- Molina Healthcare in the first quarter recorded its highest COVID-19 costs since the start of the pandemic, CEO Joe Zubretsky said Thursday.
- However, those costs were almost entirely offset by members cutting back on healthcare visits, a common trend throughout the pandemic, he said on a call with investors.
- After costs peaked in January, they quickly declined in the subsequent months. "When I say [COVID-19 costs] subsided during the quarter, it did so dramatically," Zubretsky added.
The omicron variant fueled a surge in cases and hospitalizations at the start of the year, exacerbating challenges for providers.
Still, payers like Molina are raising financial expectations for the year as they record an increase in members, revenue and profit in the first quarter.
On the Thursday morning call, executives also provided details on patient utilization aside of COVID-19. Many in the industry have raised concerns about delayed care throughout the pandemic coming back in the form of worsened outcomes and higher costs, though that has yet to be reflected in the data.
On core medical cost trends, Zubretsky said Molina "saw nothing in the quarter that surprised us or that was unusual." He added, "The ambulatory and outpatient settings are back in business and we're seeing an uptick, but nothing unusual."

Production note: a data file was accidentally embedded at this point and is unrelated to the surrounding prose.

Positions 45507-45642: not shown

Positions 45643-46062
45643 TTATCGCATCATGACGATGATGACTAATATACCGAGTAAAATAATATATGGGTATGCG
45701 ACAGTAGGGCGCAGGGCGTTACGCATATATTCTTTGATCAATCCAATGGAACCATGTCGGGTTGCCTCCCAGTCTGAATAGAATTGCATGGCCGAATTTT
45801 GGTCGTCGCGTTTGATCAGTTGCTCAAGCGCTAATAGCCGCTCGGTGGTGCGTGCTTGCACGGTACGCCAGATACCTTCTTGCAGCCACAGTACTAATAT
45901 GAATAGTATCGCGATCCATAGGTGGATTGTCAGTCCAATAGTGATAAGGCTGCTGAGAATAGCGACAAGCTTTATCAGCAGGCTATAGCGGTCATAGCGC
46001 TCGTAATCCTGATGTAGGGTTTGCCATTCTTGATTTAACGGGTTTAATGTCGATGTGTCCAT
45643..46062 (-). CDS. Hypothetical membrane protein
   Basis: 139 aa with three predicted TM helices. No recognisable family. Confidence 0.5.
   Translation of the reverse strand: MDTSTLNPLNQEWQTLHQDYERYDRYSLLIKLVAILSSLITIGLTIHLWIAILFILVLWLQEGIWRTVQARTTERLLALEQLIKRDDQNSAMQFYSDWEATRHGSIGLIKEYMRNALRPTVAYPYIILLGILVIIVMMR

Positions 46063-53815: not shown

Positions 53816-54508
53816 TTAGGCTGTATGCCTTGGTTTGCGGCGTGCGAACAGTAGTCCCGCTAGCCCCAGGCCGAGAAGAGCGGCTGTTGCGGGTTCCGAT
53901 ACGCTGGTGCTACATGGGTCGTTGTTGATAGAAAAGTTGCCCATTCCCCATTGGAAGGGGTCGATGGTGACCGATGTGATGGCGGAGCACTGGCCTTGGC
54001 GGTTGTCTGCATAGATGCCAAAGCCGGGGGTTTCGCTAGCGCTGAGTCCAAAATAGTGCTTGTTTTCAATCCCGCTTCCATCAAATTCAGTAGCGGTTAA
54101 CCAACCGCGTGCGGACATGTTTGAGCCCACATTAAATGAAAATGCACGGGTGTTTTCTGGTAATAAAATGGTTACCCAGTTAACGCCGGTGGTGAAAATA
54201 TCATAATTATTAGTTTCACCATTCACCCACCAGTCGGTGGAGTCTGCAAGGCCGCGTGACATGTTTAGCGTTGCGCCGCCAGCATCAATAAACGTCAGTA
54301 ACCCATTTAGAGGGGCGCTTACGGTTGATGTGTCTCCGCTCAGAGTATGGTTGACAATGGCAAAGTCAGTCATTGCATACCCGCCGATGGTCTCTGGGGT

Still, hospitals have said that they're struggling with rising expenses as utilization returns to normal. The American Hospital Association has urged Congress to step in and alleviate some of the pressure.
Hospital expenses per patient have increased almost 20% from 2019 to 2021, according to an AHA report released this week. Labor costs, which represent more than half of hospitals' total expenses, also are a challenge.
Molina's covered membership base increased 10% year over year to 5.1 million members in the first quarter as the suspension on state eligibility checks spurred Medicaid membership growth. Revenue of $7.8 billion and profit of $258 million rose 19% and 13%, respectively, compared with the first quarter last year.
Molina is raising its sales forecast for the year. It now expects to bring in premium revenue of $29.25 billion, compared with the prior estimate of $28.5 billion.